Anne Applebaum writes: “How did he do it?” That’s the question I was asked more than once by European friends the day after Alabama’s Senate election: How did Doug Jones win? The question was not idle. In many ways, the electoral challenge Jones faced in Alabama was strikingly similar to the challenge facing European politicians of the center-left and even — or maybe especially — the center-right: How to defeat racist, xenophobic or homophobic candidates who are supported by a passionate, unified minority? Or, to put it differently: How to get the majority — which is often complacent rather than passionate, and divided rather than unified — to vote?
This was the same question asked after the victory of Emmanuel Macron in the French elections, and part of the answer, in both cases, was luck. Nobody predicted a Roy Moore sex scandal. Nobody predicted that the French political establishment would fold so quickly either. France’s previous, center-left president was so unpopular that he discredited his party; France’s center-right leader, François Fillon, was knocked out of the race by a scandal. Macron wound up as the leader of a new centrist coalition, the electoral arithmetic was in his favor, and he won.
But beyond luck, both Macron and Jones also tried to reach across some traditional lines, in part by appealing to traditional values. Macron, fighting a nationalist opponent in the second round of the elections, openly promoted patriotism. Instead of fear and anger, he projected optimism about France and its international role. He spoke of the opportunities globalization brought to France instead of focusing on the dangers, and he declared himself proud to be both French and a citizen of the world.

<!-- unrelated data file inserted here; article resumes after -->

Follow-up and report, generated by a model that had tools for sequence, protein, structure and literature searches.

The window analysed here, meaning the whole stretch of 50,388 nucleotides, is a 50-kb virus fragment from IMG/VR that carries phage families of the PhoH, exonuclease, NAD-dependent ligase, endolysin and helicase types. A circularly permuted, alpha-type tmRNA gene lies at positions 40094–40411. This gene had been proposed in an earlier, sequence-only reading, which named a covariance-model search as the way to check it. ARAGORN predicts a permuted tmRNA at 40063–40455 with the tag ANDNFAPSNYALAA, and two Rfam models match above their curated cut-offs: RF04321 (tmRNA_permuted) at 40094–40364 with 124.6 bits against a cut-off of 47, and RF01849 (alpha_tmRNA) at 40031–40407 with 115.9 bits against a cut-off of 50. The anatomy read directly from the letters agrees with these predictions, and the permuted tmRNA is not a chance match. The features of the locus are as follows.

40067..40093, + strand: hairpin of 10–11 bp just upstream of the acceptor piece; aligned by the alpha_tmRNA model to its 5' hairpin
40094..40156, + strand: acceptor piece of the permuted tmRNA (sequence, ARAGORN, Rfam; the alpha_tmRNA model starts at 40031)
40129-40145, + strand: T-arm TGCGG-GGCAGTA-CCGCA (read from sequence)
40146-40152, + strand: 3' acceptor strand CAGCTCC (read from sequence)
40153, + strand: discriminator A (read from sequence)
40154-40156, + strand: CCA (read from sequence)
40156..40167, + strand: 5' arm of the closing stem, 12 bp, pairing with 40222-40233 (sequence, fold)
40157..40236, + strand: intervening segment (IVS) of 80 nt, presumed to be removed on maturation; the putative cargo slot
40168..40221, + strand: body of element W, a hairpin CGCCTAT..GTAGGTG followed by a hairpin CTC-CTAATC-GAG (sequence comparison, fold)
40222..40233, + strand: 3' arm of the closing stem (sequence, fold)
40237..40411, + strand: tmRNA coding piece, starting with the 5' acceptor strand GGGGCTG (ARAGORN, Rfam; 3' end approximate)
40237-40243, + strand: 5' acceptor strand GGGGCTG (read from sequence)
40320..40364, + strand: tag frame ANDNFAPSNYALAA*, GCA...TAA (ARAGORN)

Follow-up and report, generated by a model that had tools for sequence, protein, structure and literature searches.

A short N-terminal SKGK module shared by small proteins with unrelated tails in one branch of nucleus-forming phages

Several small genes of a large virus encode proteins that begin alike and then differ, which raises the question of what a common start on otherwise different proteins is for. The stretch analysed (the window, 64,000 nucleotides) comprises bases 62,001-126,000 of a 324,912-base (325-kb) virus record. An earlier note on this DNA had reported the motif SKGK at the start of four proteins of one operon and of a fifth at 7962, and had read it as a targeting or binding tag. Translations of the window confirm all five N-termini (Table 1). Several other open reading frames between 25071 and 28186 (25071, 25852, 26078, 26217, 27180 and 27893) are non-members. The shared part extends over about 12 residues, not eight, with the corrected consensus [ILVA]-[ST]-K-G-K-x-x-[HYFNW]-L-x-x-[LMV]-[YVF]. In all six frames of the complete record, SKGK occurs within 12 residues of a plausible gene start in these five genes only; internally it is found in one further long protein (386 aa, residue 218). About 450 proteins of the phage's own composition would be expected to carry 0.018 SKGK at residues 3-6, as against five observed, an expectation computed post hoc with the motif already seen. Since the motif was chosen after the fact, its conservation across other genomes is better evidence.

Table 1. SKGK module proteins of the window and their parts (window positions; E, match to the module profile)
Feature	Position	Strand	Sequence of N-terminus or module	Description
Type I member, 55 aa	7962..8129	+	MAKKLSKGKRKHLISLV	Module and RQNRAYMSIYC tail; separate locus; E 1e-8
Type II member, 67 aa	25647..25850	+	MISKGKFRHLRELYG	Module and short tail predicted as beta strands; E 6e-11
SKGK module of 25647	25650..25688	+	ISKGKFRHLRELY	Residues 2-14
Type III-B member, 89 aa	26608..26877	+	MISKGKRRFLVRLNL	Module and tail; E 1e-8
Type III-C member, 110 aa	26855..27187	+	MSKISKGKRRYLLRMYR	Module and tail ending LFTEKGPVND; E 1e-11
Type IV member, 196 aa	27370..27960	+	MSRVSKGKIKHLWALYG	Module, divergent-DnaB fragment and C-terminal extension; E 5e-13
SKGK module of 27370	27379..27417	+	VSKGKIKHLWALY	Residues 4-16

He wasn’t the only European to take this route: Alexander Van der Bellen, the former Green Party leader who is now president of Austria, used a similar kind of campaign to beat a nationalist opponent. Van der Bellen’s posters featured beautiful Alpine scenes, the Austrian flag and the slogan “Those who love their homeland do not divide it.”
In Alabama, Jones used remarkably similar language. [Continue reading…]
Der Spiegel reports: Whenever Agnieszka Pasieczna opens the curtains of her children’s bedroom, she finds herself facing four electronic eyes staring at her. The cameras, each around the size of a fist, are mounted on a gray wall around eight meters away, like silent witnesses for the prosecution. “I see you, I see everything,” her English neighbor once shouted over at her. Since then Agnieszka has kept her curtains closed even during the day.
The 39-year-old Polish woman lives with her husband and five children in Great Yarmouth, a town on England’s eastern periphery. It has 40,000 residents and a gaudy strip of amusement park rides along the beach front, referred to with no small degree of hyperbole as “The Golden Mile.” A character in the Charles Dickens classic “David Copperfield” once described the town as “the finest place in the universe.” But that was over 150 years ago.